Hutton, 30, was the back-up in Nashville, but made a career-high 34 starts in the 2013-14 season, posting a .910 save percentage.

Eberle: ‘We haven’t made the playoffs … and something needed to change’

SAN JOSE, CA - MARCH 06:  Jordan Eberie #14 and Taylor Hall #4 of the Edmonton Oilers celebrates after Eberie scores a goal 10 seconds into the game against the San Jose Sharks at HP Pavilion at San Jose on March 6, 2012 in San Jose, California.  (Photo by Thearon W. Henderson/Getty Images)
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The P.K. Subban for Shea Weber trade between the Montreal Canadiens and Nashville Predators continues to make waves. That will probably be the case right up until the start of the season and beyond.

On that same late-June day, however, the Edmonton Oilers shocked the hockey world by sending Taylor Hall, who four times in his young career has hit the 20-goal plateau, to New Jersey for right-shot defenseman Adam Larsson, who isn’t likely to be mistaken for a dynamic offensive blue liner.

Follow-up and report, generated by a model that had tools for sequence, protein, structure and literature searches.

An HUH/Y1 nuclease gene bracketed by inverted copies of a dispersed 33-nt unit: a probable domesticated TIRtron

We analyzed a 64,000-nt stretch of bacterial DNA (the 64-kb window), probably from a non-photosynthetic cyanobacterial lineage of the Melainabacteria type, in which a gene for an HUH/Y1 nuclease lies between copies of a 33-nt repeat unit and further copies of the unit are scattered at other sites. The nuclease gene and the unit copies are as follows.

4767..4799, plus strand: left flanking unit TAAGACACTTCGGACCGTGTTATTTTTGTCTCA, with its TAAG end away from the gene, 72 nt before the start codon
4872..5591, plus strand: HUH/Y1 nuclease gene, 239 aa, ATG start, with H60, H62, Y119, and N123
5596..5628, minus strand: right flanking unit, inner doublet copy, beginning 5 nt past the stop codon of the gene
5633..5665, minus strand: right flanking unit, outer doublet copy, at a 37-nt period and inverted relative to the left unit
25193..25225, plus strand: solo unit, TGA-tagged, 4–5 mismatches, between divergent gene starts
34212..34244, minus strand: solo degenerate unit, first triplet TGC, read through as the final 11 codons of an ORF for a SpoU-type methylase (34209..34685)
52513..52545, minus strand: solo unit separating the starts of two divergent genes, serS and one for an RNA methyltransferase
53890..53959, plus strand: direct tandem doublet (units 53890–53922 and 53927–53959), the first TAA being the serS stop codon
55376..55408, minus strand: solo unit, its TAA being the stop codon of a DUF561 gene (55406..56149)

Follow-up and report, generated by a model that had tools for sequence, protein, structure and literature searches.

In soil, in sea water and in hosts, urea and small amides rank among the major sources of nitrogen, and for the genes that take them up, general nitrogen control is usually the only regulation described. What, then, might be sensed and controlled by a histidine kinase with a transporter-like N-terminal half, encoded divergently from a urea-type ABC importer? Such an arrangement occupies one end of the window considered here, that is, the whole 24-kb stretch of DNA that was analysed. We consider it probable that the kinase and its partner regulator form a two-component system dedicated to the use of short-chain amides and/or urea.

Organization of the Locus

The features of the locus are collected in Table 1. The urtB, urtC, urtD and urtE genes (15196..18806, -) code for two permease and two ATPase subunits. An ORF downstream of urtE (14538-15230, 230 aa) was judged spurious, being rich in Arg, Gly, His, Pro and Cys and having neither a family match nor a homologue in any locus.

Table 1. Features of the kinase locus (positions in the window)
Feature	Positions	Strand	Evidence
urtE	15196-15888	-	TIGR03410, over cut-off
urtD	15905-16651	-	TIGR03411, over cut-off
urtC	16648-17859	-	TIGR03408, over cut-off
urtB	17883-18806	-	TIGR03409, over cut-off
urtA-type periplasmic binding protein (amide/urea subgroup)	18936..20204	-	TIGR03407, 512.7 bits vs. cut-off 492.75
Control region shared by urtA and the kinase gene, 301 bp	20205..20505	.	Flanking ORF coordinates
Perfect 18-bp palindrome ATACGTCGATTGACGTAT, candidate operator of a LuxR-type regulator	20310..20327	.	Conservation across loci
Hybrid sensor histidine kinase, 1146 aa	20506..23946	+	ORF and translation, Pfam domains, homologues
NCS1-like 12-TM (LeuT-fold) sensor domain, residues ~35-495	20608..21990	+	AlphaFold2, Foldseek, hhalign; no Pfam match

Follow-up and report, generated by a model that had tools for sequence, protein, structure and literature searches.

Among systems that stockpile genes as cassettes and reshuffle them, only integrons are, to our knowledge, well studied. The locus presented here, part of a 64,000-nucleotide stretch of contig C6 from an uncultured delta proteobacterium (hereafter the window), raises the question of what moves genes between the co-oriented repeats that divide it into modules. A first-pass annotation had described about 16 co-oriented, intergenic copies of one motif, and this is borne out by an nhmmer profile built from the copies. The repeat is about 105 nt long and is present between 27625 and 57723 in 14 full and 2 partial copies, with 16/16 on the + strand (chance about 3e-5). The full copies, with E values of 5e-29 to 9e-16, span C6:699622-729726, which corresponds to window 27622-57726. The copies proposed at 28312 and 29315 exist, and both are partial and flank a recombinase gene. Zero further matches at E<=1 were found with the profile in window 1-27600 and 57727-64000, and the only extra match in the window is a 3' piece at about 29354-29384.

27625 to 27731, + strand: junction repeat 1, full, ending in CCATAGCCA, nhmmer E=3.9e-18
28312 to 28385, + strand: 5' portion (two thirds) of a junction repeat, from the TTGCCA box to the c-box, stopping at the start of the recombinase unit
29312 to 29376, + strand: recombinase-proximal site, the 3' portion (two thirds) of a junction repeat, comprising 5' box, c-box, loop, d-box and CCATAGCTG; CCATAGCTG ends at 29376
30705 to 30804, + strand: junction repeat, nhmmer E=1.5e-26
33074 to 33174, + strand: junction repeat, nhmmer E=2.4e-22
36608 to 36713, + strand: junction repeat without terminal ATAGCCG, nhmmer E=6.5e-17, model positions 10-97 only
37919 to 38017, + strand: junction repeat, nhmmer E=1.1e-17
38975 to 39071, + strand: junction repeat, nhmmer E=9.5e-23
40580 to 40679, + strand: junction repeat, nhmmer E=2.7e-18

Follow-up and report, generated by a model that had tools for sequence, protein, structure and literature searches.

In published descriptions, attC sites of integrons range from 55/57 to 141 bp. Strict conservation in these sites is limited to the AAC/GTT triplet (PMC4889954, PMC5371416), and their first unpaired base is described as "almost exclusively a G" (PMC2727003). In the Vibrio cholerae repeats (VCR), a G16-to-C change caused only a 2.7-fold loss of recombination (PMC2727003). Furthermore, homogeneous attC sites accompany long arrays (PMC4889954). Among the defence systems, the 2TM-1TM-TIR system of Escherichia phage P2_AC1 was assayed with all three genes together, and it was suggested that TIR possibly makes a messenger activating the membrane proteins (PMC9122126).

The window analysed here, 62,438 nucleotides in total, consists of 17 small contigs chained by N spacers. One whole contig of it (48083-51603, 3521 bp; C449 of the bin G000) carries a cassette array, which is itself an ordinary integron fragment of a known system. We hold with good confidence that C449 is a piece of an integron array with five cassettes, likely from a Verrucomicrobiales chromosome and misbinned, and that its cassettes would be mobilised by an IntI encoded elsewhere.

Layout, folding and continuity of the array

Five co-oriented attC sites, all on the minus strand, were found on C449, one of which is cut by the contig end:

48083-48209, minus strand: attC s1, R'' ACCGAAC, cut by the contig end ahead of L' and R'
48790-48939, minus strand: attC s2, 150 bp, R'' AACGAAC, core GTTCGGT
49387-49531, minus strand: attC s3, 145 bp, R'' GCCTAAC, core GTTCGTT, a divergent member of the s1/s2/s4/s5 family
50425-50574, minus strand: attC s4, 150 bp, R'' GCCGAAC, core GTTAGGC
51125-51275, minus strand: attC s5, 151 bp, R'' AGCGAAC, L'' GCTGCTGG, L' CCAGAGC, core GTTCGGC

It, too, is a deal that’s considered a major victory for one team — in this case, the Devils.

In trading Hall, the Oilers gave up a dynamic forward, although they certainly had a plethora of skilled forwards, and their need to make upgrades to their blue line, made it necessary to part with a player up front.

Hall and Jordan Eberle — now his former Oilers teammate — broke into the league with Edmonton in the same year, back in 2010-11. But despite an increase in talent up front, with four first-overall picks in a six-year span, Edmonton really hasn’t been close to competing for a playoff spot in years.